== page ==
This caused people in the Elizabethan Era to adopt a new worldview. As this article was being read, some questions that came to mind were: What did the medieval model of the universe actually look like and how did he know the Sun is the center of the universe?

"...Elizabeth established a moderately Protestant Church of England as the country's national church. At the same time, she long avoided war with Europe's leading Roman Catholic nations." (Gibbs 1).

During Queen Elizabeth's reign, she established the Protestant Church of England as England's national church while avoiding war with leading Roman Catholic nations.

What were Europe's leading Roman Catholic nations? Why did they want to go to war?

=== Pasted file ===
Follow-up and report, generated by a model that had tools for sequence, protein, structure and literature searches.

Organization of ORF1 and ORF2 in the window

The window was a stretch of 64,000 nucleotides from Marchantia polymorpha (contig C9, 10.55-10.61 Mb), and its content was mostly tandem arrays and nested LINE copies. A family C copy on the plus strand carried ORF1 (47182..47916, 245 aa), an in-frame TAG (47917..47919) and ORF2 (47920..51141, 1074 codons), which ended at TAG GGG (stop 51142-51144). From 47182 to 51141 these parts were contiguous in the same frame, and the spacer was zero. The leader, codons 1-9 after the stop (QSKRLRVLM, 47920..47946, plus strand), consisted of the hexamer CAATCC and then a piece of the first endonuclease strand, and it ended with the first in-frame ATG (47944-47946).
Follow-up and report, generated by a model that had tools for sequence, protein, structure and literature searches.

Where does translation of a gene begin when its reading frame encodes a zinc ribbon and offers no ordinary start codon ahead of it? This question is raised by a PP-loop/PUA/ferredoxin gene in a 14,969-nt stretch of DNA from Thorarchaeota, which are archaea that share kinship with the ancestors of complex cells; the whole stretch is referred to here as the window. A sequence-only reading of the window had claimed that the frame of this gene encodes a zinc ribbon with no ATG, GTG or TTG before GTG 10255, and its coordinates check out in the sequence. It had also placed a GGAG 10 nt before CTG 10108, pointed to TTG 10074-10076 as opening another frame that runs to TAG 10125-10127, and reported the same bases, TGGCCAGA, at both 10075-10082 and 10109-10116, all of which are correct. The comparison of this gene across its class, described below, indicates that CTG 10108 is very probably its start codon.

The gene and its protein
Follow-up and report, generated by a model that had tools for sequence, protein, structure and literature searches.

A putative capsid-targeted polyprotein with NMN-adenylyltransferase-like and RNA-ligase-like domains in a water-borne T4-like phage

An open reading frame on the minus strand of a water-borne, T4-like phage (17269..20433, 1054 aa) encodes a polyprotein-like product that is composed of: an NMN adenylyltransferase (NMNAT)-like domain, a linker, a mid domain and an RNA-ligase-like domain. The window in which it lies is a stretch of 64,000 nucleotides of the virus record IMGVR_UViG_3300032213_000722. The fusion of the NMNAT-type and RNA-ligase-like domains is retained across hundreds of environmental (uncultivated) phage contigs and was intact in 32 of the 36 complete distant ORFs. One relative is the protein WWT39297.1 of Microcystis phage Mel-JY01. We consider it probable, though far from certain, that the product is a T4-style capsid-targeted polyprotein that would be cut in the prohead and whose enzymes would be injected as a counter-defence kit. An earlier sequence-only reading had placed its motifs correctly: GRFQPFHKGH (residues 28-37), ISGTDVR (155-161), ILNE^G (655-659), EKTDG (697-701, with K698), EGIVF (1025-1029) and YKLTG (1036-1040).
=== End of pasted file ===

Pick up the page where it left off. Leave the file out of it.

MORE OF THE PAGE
William Shakespeare - One of England's Greatest Writers
" 1592, Shakespeare had already become an actor and a playwright. By 1594, he was a charter member of the theatrical company called the Lord Chamberlain’s Men, which was later to become the King’s Men...Shakespeare worked with this company for the rest of his writing life. Year after year he provided it with plays, almost on demand." (Anderson 777).

William Shakespeare was a actor and a playwright.He worked for the King’s Men, then called the Lord Chamberlain’s Men, toward the end of his life until the end of his writing career.

Shakespeare was one of the many great playwrights that shaped the Elizabethan Era.

"Elizabethan literature is characterized by an intense national pride and a sense of optimism expressed in rich, at times ornate, language. It was a period of linguistic experimentation and discovery, reflected in the magisterial prose of Richard Hooker's The Laws of Ecclesiastical Polity (1594) and the mannered experiments of John Lyly's euphuism" (Elizabethan period 2).